Consequently one of the significant area of discussion was the potential Africa has for international collaboration in terms of bio economy, especially cooperation between African and European.
The Bio economy summit which was open by the Anja Karliczek, Federal Minister of Education and Research, attracted participants from different parts of the world hailing from diverse walks of life such as science, civil society, policy and the business sector to Berlin under the theme “Innovation, Green growth and sustainable development”. The gathering created a platform to deliberate, share and the knowledges, ideas, approaches, progress, and draw backs in the global bio economy. There were varies platform, starting with plenary sessions, workshops, and exhibitions. The gathering highlighted bio economy in the sense of societal, scientific, economic and political natures and their points of integration. Furthermore the workshops sessions entailed dialogs around the “Bio economy of the world regions” which were subdivided into individual sessions for Africa, Europe and North America, Asia, Latin America and the Caribbean. Other workshop sessions included presentation and talks related to industrial bio economy, innovation and environment, and policy in light of measuring and monitoring, transformative science, education and training.
The workshop session on the “Bio economy of the world regions – Africa” was an interactive gathering where participants engaged into talks around strategies for bio economy for development in Africa. Consequently one of the significant area of discussion was the potential Africa has for international collaboration in terms of bio economy, especially cooperation between African and European. Some of the other focal areas were the, challenges Africa has in terms of science, resources policies, and employment, and the, un-achieved bio-economical potential of Africa, using the sustainability development goals as guiding post.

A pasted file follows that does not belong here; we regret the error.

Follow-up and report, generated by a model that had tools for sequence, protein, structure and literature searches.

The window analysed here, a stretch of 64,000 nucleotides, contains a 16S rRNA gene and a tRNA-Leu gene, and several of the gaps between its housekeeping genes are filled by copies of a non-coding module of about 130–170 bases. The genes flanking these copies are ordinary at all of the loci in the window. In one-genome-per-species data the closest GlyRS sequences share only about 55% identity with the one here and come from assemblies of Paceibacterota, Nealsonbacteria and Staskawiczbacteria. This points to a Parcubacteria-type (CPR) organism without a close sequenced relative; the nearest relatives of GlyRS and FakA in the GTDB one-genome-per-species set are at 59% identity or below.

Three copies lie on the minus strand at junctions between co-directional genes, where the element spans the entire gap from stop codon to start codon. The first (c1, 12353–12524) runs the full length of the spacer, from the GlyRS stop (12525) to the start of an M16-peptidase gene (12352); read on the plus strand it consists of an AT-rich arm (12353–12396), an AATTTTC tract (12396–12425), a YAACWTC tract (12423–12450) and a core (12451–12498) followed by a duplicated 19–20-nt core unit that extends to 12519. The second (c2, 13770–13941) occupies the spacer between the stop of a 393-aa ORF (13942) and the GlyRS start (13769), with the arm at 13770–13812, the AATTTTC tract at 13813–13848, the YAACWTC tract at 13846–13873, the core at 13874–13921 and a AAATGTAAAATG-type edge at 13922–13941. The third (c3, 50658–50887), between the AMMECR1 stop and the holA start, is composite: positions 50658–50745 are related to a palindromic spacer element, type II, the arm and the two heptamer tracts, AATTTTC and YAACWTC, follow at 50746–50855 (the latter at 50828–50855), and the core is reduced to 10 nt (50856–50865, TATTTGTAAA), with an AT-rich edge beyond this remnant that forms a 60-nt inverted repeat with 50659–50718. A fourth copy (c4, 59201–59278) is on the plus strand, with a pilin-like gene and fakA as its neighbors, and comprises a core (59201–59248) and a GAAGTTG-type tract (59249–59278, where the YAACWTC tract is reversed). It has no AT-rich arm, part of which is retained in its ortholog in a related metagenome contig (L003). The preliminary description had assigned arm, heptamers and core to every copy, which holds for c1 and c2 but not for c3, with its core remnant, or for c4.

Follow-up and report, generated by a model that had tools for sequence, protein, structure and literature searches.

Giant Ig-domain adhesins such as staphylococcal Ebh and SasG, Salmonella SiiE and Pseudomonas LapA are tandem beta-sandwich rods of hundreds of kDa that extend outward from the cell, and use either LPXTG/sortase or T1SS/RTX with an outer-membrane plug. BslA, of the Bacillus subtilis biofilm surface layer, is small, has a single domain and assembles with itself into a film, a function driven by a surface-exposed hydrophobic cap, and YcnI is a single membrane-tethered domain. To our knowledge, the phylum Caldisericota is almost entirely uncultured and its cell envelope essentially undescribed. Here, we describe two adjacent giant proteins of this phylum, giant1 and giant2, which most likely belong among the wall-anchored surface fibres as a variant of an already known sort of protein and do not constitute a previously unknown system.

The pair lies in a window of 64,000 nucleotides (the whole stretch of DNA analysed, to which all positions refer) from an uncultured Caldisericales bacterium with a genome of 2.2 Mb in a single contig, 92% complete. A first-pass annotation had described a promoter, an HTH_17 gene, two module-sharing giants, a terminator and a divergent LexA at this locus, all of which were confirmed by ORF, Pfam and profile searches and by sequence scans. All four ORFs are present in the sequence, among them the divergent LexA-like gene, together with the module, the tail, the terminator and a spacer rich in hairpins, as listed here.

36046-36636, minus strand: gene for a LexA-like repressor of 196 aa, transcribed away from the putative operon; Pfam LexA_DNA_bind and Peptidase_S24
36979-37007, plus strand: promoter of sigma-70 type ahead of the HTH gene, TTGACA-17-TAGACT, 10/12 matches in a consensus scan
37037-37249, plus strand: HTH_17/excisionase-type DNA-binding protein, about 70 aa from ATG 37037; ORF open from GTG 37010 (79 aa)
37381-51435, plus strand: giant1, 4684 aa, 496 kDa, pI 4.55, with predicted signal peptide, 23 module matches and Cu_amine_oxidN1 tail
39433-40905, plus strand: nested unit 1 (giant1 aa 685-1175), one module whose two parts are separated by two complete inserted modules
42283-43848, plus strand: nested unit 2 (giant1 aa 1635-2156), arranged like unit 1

The final plenary session of the Global Bio economy summit 2018 was chaired by Christine Lang, and Joachim von Braun, both the co-Chairs, German Bio economy Council, which entailed giving comments and inputs on the Communiqué of GBS2018. It was during this session that the Next Einstein Ambassador for Namibia ǂAibtae Hatago Stuurmann alongside others such Ben Durham, National Department of Science and Technology, South Africa, Dirk Carrez, Executive Director, Bio-based Industries Consortium (BIC). H.E. Cameron Dick, Minister for State Development, Manufacturing, Infrastructure and Planning, Queensland Government, Gerard J. Ostheimer, Bioenergy Lead for Sustainable Energy for All, and Marcelo Sanchez Sorondo, Bishop& Chancellor, Pontificial Academy of Science closed the Global bio economy summit 2018. Consequently ǂAibtae Hatago Stuurmann highlighted the need to take research out of the laboratories and into markets to answer the needs of the society, while being considerate about the environment, climate change, disease, production and consumption of all sorts, because as human being we need to be aware that we are a part of the ecosystem and not outside the ecosystem. This final sessions generally indicated the importance of realising, that different counties have different understandings on the concept of bio economy due to different levels and state of development and economic status of each individual country across the globe.
About the author:
Aibate Hatago Stuurmann is a NEF Ambassador to Namibia and a researcher, investigating polymer science, currently pursuing her PhD at the University of the Namibian. She holds a Master’s degree in Science with research interest on Ethno-pharmacology, drug discovery and development focusing non-communicable diseases.